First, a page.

D’var Torah: Parashat Vayakhel-Pekudei
In his D’var Torah this week, the Chief Rabbi teaches us that ‘through innovation, we can present the freshness and relevance of Judaism in our times’.
This Shabbat, while we will be reading the parashiot of Vayakhel and Pekudei, we will also have a special Shabbat called Shabbat Hachodesh and in the second Sefer Torah we’ll be reading the imperative: ‘hachodesh hazeh lachem rosh chodashim’ – this month of Nisan must be the head of the months for you.
Therefore, we have quite a remarkable system in our calendar. The year, of course, Rosh Hashana, starts with Tishrei. But Tishrei is the seventh month of the year. Nisan, which is at the time of Pesach, must always be the first month of the year. Isn’t this a totally unusual, one could even say bizarre, system for a calendar?
‘Within our Torah tradition there must be chidush, renewal, innovation’
I believe that through this tradition and this mitzvah of Hachodesh, there is an important message which emerges for us about the concept of chidush – renewal. Let me explain…
The Hebrew word for year shanah comes from the term shinun which means repetition as we have in the shema: ‘veshinantam’ – teach by rote. So the shana, the year, is all about repetition, same months, same seasons, same festivals, year in and year out. Within that year, we have chodashim – months, and the months provide us with an opportunity of chidush, of renewal.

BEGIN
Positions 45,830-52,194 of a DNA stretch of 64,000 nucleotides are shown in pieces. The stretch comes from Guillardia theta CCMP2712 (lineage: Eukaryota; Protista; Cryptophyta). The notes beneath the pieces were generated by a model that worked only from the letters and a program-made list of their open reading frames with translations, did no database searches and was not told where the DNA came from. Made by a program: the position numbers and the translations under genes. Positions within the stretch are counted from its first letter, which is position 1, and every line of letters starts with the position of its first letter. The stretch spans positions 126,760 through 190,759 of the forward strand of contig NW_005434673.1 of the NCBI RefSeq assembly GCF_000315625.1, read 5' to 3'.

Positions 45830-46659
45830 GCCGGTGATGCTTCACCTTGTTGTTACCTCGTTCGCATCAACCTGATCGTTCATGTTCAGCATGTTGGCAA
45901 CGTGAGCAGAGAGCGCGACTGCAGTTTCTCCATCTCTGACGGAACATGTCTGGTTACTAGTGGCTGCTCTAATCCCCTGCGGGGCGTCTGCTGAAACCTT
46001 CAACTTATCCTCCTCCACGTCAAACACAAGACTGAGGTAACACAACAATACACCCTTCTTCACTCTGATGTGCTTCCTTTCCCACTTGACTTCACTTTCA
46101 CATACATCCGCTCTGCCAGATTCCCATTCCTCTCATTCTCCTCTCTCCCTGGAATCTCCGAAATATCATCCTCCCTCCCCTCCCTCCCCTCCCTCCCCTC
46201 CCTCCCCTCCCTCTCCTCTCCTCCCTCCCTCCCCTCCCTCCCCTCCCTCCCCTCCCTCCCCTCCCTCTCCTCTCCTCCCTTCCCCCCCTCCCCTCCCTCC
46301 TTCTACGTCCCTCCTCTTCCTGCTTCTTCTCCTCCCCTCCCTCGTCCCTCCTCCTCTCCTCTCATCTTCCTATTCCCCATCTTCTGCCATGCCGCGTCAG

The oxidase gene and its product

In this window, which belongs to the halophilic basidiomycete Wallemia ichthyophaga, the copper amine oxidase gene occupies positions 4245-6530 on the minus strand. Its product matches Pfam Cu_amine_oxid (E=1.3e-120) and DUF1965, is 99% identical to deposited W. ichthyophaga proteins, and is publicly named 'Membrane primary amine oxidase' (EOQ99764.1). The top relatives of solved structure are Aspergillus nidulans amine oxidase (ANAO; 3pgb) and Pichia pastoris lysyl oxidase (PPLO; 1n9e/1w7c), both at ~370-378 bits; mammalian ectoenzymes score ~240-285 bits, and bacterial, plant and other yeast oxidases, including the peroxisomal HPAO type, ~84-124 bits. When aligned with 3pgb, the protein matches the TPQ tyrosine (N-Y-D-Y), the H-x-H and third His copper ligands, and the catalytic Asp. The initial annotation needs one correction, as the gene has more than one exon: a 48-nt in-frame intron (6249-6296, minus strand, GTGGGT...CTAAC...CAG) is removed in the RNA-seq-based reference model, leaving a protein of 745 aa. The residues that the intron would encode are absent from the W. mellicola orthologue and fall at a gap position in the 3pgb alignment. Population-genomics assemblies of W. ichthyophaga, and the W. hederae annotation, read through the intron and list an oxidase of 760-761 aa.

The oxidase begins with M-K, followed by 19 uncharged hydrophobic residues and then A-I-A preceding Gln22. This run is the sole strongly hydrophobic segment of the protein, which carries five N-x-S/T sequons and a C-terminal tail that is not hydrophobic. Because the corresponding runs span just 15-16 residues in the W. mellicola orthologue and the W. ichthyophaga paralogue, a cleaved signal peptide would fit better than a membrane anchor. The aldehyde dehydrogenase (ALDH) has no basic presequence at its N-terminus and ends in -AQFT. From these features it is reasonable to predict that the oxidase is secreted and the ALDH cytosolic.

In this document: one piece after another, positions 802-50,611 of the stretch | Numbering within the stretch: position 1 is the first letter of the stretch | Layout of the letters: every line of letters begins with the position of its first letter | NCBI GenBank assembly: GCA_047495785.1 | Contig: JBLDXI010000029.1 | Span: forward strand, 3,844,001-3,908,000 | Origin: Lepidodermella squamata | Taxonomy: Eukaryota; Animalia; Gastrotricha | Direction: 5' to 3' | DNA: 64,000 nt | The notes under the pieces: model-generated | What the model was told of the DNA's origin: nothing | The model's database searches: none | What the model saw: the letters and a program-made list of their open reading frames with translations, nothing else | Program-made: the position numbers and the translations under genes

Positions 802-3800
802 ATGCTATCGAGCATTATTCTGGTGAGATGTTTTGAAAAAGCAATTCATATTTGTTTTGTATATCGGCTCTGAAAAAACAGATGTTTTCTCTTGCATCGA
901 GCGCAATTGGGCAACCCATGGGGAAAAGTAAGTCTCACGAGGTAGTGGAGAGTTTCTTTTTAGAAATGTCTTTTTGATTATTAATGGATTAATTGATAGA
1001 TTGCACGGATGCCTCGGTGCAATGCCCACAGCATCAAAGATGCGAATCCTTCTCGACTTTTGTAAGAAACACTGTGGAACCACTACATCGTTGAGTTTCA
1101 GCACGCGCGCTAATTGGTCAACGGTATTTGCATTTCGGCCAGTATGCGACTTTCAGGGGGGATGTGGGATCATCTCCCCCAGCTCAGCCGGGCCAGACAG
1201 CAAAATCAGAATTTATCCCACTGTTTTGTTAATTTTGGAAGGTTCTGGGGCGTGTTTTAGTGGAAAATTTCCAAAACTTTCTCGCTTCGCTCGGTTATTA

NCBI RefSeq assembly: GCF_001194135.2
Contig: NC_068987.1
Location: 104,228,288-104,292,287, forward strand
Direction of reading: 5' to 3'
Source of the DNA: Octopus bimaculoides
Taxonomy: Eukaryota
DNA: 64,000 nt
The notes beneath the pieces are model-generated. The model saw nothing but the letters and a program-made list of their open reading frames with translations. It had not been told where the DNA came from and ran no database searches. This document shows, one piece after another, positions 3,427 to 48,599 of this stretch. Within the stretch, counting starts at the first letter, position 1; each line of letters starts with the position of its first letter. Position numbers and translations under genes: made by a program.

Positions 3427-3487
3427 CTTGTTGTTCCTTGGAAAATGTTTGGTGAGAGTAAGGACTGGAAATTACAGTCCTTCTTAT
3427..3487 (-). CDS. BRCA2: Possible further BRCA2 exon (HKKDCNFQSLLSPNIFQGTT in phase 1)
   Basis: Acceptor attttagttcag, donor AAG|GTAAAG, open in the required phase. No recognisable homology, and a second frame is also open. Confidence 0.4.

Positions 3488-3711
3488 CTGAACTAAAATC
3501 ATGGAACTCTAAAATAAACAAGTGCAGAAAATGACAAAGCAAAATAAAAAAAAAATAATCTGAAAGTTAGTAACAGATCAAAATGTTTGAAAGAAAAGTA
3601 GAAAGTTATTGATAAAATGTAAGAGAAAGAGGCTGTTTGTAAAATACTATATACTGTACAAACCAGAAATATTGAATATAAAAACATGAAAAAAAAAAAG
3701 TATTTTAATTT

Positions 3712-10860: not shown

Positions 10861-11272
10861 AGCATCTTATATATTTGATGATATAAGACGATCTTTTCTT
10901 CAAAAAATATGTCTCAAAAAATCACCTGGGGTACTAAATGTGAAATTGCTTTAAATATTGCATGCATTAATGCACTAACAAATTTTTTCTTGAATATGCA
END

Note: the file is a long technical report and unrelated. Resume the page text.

And this is a powerful message for us in terms of our Judaism because we are blessed to have the ultimate guide to life. It’s the Torah given to us at Mount Sinai by God. And the Torah has eternal messages of value. We don’t need to change anything, God forbid, it’s all there for us: every phrase, every word, every single letter of the Torah. It’s identical from generation to generation. But within our Torah tradition there must be chidush, renewal, innovation.
Presentationally, we must match the era in which we are living.
For example, if you were to take the most successful Jewish teacher of fifty years ago and place him or her in front of a classroom of children today, if they were to use the identical methodology that they used before, that would be doomed to failure – because we have to match the times in which we are living.
‘Through chidush, through innovating new methods we can present the freshness and the relevance of Judaism for our times’
We are living at a time when in the palm of their hands our children, at the press of a button, can be mesmerised and entertained so spectacularly. So when it comes to Jewish education, we have to match that, we have to surpass that, to guarantee that through chidush, through innovating new methods we can present the freshness and the relevance of Judaism for our times.
Shanah and chodesh combined provide us with the opportunity to find that fusion between the timeless and the timely. That’s the message of Shabbat Hachodesh.